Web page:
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Sejanus His Fall: Stage History

Tom Cain

More is known about the reception of the first performance of Sejanus than almost any other early modern play. Four contemporary accounts, at least three of which are explicitly those of eye-witnesses, confirm that it was a theatrical disaster which the audience at the Globe may never have allowed to finish. Jonson himself, dedicating the 1616 folio version to Lord D’Aubigny, compared the response with the historical Sejanus’s dismemberment by the Roman mob. It was, he said, ‘a poem that, if I well remember, in Your Lordship’s sight suffered no less violence from our people here than the subject of it did from the rage of the people of Rome’. Significantly in view of its immediately ensuing stage history, however, he was able to claim that by 1616 it had ‘outlived their malice, and begot itself a greater favour than he [Sejanus] lost, the love of good men’ (Sej., Epistle, 3-6). Both the hostile reception and the subsequent approval of at least the cognoscenti are confirmed by the account given many years later by Hobbes’s friend Francis Osborne. He recalled that as a boy, probably then aged nine, he had been part of that first hostile audience: ‘I amongst others hissed Sejanus off the stage, yet after sat it out, not only patiently, but with content, and admiration’ (Osborne, 1983, 4) . Osborne does not say when he saw these later performances, but if the argument advanced in the Introduction for a date of May 1603 for the first performance is accepted, it cannot have been repeated that year because of the closure of the theatres, and later performances at the Globe would have taken place after their reopening on 9 April 1604. Although in November that year the play was entered in the Stationers’ Register in its revised and clearly ‘literary’ format, there may well have been subsequent performances of the stage version over the following few years.

Osborne’s testimony certainly supports the view that Jonson is referring to at least a limited subsequent success on the stage as well as the page in his 1616 epistle to D’Aubigny, but there is no further evidence of these productions, and it is to accounts of that first performance that one must turn. Also in the Globe that afternoon was ‘Ev. B’, probably a young Inns of Court student named Everard Buckworth, who wrote a commendatory poem to the quarto edition that stressed his ‘indignation’ at the audience’s response:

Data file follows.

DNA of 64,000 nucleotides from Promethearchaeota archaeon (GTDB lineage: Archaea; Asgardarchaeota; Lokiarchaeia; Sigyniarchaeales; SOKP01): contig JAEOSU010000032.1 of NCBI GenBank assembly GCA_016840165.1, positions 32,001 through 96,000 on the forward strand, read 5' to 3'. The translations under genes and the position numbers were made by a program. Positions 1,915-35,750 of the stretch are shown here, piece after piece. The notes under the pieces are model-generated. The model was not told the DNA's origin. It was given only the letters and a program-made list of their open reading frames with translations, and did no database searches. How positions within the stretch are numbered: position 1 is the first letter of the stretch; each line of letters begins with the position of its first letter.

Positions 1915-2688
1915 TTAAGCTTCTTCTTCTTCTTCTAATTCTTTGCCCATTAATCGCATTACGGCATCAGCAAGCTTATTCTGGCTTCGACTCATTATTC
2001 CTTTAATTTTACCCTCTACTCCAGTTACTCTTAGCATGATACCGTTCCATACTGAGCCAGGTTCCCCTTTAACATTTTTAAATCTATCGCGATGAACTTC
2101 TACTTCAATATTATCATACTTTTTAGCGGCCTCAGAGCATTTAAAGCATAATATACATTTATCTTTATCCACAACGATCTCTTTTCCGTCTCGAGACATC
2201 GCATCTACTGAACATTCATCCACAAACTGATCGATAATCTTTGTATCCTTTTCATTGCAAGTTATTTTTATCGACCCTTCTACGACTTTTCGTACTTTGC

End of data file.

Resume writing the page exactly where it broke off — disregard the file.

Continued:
When in the Globe’s fair ring, our world’s best stage,
I saw Sejanus, set with that rich foil,
I looked the author should have borne the spoil
Of conquest from the writers of the age;
But when I viewed the people’s beastly rage,
Bent to confound thy grave and learned toil,
That cost thee so much sweat, and so much oil,
My indignation I could hardly ’suage.

Buckworth’s ‘people’s beastly rage’ anticipates Jonson’s later ‘rage of the people of Rome’, and implies the same distinction between the judgement of the ‘people’ and that of the ‘good men’ which Jonson makes in his epistle to D’Aubigny, suggesting that this was the defensive response in Jonson’s circle in 1603. The audience’s spectacular rejection of the play, the Jonsonians’ response of a sharp distinction between the ‘illiterate’ multitude and the ‘wits of gentry’, and the play’s subsequent recognition are all corroborated by the poetaster William Fennor in his Description of a Poet, published in the same year as Jonson’s folio. There Fennor takes Sejanusas his sole example of the poet’s craft, and of the way in which

sweet Poesy
Is oft convict, condemned, and judged to die
Without just trial, by a multitude
Whose judgments are illiterate, and rude.
Witness Sejanus, whose approvéd worth,
Sounds from the calm south, to the freezing north …
With more than human art it was bedewed,
Yet to the multitude it nothing showed;
They screwed their scurvy jaws and looked awry,
Like hissing snakes adjudging it to die,
When wits of gentry did applaud the same
With silver shouts of high loud-sounding fame.

( Fennor’s Descriptions, 1616, sigs. B2r-v)

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